08.11.2012 | By Karen Posada |
I watched ‘Dr. Seuss’ The Lorax’ in a movie theater full of kids ranging from 3-10 years of age, which gave me the perfect audience with a mix of adults to get the right movie experience for this film. This movie exudes cuteness and the right amount of singing, the bits of comedy it has just made me smile and a couple of children laugh. There was no crying or chattering in the audience, which tells me the film’s 94 minutes are the perfect amount of entertainment for its target audience. The brilliant colors and clever shapes and storyline were even more fantastic in IMAX 3D, although ‘Horton Hears a Who’ achieved the same visual greatness without IMAX 3D.
The film begins by explaining in singing our setting, Thneedville, which is a city, made of plastic entirely, there’s no nature; trees are made in a factory and the most powerful man in town and the villain, Mr. O’Hare (Rob Riggle) made his millions by selling air. A 12 year old boy, Ted (Zac Efron) who is in love with a high schooler, Audrey (Taylor Swift) who dreams of seeing a real tree; decides to go on a quest to win the girl’s affection by getting her what she wants. He travels outside of the “capsule” that is his city to the contaminated world beyond in search of The Once-ler (Ed Helms) who according to his grandma Norma (Betty White) is the only person that can lead him to the free oxygen producing trees.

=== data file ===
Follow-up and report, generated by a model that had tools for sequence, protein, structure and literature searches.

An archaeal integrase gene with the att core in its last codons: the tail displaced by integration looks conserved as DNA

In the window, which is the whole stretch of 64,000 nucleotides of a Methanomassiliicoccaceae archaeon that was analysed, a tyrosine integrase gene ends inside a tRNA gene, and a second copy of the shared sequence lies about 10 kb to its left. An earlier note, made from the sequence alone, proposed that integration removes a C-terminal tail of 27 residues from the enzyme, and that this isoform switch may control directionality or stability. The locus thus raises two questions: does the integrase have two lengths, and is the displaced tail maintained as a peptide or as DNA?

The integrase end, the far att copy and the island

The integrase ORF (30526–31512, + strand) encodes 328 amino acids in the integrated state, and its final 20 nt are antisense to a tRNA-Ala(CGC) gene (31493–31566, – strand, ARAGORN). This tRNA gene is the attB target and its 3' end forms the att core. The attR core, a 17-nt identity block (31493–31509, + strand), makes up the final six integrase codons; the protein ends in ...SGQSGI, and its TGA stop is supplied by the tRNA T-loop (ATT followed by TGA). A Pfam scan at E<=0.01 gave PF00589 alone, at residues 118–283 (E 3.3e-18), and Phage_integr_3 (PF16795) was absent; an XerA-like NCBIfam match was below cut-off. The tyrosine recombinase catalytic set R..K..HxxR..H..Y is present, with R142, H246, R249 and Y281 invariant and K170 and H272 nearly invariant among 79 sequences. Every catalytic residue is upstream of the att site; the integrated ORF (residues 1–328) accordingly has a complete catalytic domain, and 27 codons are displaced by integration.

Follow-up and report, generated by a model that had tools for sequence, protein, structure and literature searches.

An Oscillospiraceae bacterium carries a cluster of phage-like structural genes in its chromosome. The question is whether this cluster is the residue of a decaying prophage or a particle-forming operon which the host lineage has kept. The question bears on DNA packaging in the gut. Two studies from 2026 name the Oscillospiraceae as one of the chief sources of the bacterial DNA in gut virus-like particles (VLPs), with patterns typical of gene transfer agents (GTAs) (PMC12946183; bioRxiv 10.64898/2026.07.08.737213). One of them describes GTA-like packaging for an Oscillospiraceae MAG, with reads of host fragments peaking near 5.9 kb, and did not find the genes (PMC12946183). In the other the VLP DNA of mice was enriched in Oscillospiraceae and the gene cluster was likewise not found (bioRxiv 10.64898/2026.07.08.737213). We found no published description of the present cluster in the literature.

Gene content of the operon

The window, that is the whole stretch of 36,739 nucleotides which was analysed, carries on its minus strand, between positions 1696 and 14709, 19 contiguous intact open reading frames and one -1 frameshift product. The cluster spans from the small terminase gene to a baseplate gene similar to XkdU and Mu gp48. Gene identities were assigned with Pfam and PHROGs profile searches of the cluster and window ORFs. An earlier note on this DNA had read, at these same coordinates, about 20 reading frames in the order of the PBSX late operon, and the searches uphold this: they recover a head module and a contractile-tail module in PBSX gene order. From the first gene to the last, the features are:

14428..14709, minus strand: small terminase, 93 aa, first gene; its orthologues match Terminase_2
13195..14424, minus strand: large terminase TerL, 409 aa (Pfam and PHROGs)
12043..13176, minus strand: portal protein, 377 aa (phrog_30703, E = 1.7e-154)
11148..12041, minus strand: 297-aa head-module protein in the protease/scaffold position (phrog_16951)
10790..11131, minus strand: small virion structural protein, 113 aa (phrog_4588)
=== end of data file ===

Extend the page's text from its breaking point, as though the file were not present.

Here is when we being to discover the story of The Lorax (Danny DeVito) who speaks for the trees and cares for nature. What Ted finds in his journey not only changes his life but that of the whole town and the main message of the movie comes across, that each and single one of us makes a difference and we all need to care for our planet.
DeVito’s voice is perfect with that of the furry chubby Lorax, he’s a like a wise joke cracking grandpa that teaches just in the right tone. Efron is laid back and curious just the right amount to depict a 12 year old. White is the best character, the crazy grandma that is always covering for her grandchildren. Every voice created the characters depicted on the screen and together created a very pleasant movie to watch.
The environmentalist message of the film and the dangers of industrialism are very clear; that it takes one person to care so that we can come together as a whole to save the planet and the beauty it offers. I personally didn’t care for the “love story” in the film, but it was easy to over look it, with all the other more important stuff happening, even if it was what pushed the storyline. A children’s movie that has such an inspiring and important message with enough entertainment and color is a nice treat to both parents and children to see.